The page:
Cutting ball python eggs too early can kill the snakes inside. But cutting the eggs of a ball python too late can result in snakes drowning inside their eggs. It can be a real dilemma for snake owners.
Cutting eggs (pipping) stops weaker baby ball pythons from drowning inside their eggs. The cutting process should be done after 50 days. Done correctly, it will result in more successful hatches. But if you aren’t experienced or make a mistake, you could cut the snake.
So, there are pros and cons of cutting snake eggs before they hatch. But, on balance, there are more advantages than disadvantages. But you need to be aware of the various risk factors before you get started.
Table of Contents:
- 1 Why Do Breeders Cut the Eggs of Ball Pythons?
- 1.1 Cutting Snake Eggs Before They Hatch
- 1.2 Pros and Cons of Snake Egg Cutting
- 1.3 Should I Cut My Ball Python Eggs?
- 1.4 Related Articles:
Why Do Breeders Cut the Eggs of Ball Pythons?
When snake eggs hatch in the wild, there’s nobody there to cut them. The mother doesn’t help either, because almost all snake species abandon their eggs once they’re laid.
The main reason why breeders cut eggs is that they want to see what’s inside. All breeders breed morphs. Most of these color variations can’t be found in the wild, so they can command a high price on the open market.
A successful hatch can generate a lot of money. But that’s not the only reason why you might want to cut (or ‘pip’) the eggs before they hatch. Pipping ball python eggs can improve survival rates when done right.
Cutting Snake Eggs Before They Hatch
Cutting snake eggs at the wrong time can be the difference between ten healthy snakes, and no healthy snakes at all.
If you want to keep the snakes as pets, this is heartbreaking. And if you want to sell the snakes, you could be losing thousands of dollars.
Pros and Cons of Snake Egg Cutting
|Pipping helps weaker snakes escape their egg, increasing clutch numbers||The snake may not be fully formed, even if you keep a proper schedule. Candle the egg before cutting.|
|It helps to identify problems, like a twisted umbilicus||You may have gotten your dates wrong and pip at the wrong time|
|See the morph early||If the snake has a developmental issue, you will have to put it down|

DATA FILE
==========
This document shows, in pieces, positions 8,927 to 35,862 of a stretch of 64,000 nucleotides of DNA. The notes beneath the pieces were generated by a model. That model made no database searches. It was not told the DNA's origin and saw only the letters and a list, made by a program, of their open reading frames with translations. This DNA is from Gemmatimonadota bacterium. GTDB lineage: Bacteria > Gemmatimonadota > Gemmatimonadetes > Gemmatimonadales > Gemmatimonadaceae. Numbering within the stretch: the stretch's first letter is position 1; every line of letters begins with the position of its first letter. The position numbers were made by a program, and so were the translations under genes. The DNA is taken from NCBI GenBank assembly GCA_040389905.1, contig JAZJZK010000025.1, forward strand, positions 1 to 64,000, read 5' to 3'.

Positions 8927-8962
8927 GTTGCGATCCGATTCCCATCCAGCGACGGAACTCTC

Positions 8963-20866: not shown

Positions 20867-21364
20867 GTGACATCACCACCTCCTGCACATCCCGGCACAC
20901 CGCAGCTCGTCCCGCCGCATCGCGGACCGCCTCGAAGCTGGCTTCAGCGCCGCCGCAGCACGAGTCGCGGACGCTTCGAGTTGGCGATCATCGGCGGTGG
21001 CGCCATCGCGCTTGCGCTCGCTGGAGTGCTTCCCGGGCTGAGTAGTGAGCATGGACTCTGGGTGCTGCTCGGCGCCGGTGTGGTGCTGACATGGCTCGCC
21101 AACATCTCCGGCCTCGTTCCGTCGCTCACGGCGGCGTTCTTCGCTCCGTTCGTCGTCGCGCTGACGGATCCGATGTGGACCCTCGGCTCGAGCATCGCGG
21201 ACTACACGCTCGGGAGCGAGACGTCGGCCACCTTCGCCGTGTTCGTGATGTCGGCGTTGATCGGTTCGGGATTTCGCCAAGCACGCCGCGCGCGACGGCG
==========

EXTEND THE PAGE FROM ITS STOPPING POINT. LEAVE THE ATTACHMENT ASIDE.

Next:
|You could accidentally cut the snake|
According to PLoS One, a ball python lays on average six eggs. That’s not many, so getting something wrong could be highly detrimental.
It Makes Life Easier for Your Snake
In the wild, snakes break their own way out of their egg. They poke at the shell with their nose in the hope of making a crack. If they can, they will work the crack to make it bigger. Once it’s big enough, they’ll crawl out.
But not all snakes will manage to do this on their own. Some may be too small and weak. If so, they would die in the egg before they can hatch.
The Snake May Not Be Fully Formed
Eggs are like the equivalent of a womb. The snake doesn’t sit fully formed from day one inside its egg. If fertilized, they develop over time, getting bigger and more fully formed.
The timeframe over which this takes place is reasonably consistent. Snake eggs take around two months to hatch. It varies based on species. However, it’s not safe to assume that every egg develops at the same time. Even within one clutch, one egg may take 45 days, while another takes 50.
But don’t assume the eggs will all be ready at the same time. It’s commonly recommended that when you see one egg pip on its own, you pip the rest. However, the other eggs may not be ready yet.
Leaving them for only a couple more days may result in more eggs hatching healthily. But at the same time, there may be some snakes that drown in their eggs during this time.
An intact egg is vital to the snake’s development. If the wall of the egg is breached, all the fluid inside will run out. This is the snake’s food, so the snake will end up smaller and weaker than it could have been.